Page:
Still, Imus's comments stung. "When I heard the quote I was confused," Kia Vaughn, a 6-foot-4 sophomore center from the Bronx, told NEWSWEEK. "I felt intimidated and scared, and it was the first time that I ever felt that way in my life ... I couldn't believe someone was talking about my womanhood and calling me a ho." But the players didn't let the hurt penetrate their pride. "Why would he say that if he doesn't know us or what we accomplished?" asked forward Myia McCurdy.
For team captain Essence Carson, a 6-foot forward/guard from Paterson, N.J., who wowed the public with her poise, Imus's remark was more sexist than racist. "It was an attack on women first," Carson told NEWSWEEK. "He just made it race-specific." Initially, the Knights wanted to ignore Imus and absorb their pain as a team, she said, but after a little discussion the women decided they "had to take a stand." Stringer's example was key, said Carson; "Coach has been through everything you can think of, [so] we know we have the strength to bear anything."
The daughter of a Pennsylvania coal miner, Stringer is also the third-winningest coach in women's basketball history and a longtime advocate of leveling the playing field for females. She first drew national attention in 1982, guiding small, historically black Cheyney State into the Final Four—and went on to make women's basketball a campus craze at the University of Iowa in 1983. A decade later she led Iowa to the Final Four. For Stringer the success was bittersweet; her husband, William, had suffered a heart attack and died at 47 earlier that year. The couple had three children: two sons and a daughter who suffers from spinal meningitis. Two years later, with her three children in tow, Stringer headed to Rutgers. While she called its basketball program "the Jewel of the East," she told friends the university's efforts to help her cope with child care, providing round-the-clock assistance for her bedridden daughter, were instrumental in her choice.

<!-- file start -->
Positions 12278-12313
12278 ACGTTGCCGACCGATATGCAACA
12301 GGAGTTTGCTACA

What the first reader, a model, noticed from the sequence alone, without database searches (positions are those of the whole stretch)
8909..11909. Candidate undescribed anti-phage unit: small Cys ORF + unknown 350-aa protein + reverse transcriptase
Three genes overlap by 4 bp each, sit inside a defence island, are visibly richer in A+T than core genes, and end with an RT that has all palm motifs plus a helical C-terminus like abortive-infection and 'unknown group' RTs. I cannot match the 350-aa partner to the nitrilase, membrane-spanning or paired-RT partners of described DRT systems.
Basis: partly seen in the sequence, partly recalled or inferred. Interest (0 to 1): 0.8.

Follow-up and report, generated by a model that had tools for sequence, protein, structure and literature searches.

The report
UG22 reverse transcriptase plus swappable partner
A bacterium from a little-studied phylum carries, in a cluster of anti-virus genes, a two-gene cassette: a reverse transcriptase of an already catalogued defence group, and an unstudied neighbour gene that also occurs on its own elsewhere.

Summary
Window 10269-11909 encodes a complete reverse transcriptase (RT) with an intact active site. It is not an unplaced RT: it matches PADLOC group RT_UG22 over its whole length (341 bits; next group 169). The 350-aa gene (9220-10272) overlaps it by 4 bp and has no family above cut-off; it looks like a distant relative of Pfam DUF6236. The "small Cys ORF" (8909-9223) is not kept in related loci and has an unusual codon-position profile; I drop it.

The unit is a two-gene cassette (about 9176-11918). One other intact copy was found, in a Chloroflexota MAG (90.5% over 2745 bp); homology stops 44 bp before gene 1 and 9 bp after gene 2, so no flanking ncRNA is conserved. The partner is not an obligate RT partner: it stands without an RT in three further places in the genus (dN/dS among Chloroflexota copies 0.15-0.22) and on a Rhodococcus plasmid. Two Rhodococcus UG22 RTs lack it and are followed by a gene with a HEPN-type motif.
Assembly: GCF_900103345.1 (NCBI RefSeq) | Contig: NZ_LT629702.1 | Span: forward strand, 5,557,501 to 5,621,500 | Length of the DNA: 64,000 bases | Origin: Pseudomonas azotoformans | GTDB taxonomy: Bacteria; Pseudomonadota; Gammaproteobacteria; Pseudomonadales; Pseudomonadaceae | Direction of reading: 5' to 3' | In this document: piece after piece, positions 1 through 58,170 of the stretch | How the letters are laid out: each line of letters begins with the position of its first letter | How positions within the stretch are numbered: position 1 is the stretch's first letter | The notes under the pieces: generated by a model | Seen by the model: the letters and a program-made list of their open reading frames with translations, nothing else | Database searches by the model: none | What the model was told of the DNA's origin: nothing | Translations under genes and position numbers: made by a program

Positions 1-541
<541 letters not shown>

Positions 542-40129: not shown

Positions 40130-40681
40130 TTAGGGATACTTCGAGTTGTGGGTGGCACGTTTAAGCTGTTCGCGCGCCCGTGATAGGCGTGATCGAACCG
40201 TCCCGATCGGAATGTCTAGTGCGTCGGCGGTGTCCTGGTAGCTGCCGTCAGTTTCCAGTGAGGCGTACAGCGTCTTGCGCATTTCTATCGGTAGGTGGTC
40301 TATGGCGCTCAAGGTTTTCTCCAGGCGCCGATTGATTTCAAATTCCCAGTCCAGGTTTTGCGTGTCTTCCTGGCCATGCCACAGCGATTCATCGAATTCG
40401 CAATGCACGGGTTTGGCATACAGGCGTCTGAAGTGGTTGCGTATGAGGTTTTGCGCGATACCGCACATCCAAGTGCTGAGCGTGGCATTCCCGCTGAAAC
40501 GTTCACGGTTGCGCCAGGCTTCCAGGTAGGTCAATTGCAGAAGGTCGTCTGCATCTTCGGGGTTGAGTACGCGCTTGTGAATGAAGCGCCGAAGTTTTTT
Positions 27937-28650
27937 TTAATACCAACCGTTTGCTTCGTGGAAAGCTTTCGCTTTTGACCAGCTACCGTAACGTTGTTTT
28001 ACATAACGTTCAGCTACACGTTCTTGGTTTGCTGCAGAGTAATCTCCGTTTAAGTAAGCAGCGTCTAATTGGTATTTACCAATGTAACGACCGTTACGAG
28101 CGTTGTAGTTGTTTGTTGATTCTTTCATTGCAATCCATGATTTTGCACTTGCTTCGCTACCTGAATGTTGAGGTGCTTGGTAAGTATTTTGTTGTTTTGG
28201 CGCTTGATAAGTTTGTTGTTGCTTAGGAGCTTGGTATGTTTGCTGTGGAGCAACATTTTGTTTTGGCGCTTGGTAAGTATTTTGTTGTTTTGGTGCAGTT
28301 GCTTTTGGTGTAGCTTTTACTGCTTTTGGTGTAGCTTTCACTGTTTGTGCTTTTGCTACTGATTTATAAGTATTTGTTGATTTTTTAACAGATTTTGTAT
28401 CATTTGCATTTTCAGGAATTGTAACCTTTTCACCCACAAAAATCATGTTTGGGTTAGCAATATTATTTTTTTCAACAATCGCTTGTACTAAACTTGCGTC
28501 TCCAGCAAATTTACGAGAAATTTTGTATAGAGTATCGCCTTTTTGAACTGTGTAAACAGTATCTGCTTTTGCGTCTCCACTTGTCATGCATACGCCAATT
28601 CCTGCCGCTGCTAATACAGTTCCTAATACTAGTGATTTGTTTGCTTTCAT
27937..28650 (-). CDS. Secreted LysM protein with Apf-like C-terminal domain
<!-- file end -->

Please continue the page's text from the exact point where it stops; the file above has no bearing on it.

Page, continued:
This past year Stringer recruited her best class ever. Yet the highly regarded squad lost four of its games to top-seven teams, including a record 40-point rout at the hands of Duke, and fell from its customary place in the top-25 ranking. Stringer ripped her young players as all too impressed with their own reputations. She boosted her already grueling practices and demanded that they return the clothes with school colors and logos that they had received.
The women rebounded. By the time they hit the Final Four, the Knights had grown into a tightknit group with a deep bond of trust with their coach. They got hammered on the boards in their final game, but every one of the 10 women plans to return to play for Stringer next year—making Rutgers an early favorite to make it back to the Final Four in 2008.
After accepting Imus's apology on Friday, the Scarlet Knights vowed to get back to thinking about basketball—and their studies. Coach Stringer knew it wouldn't be easy to stay focused, given the magnitude of what had just transpired—young black women speaking truth to media power, and media power listening. In talking with the press, Stringer pointed out that Imus made his remarks on the anniversary of Martin Luther King's death—musing that that historical coincidence showed how little progress has been made in race relations. Her message to her players? They need to concentrate on their exams, the coach said. Then a little bit of wonderment crept in. "We need to come back next year and say that this was a great and joyous time," Stringer said, a time "we helped to change the culture."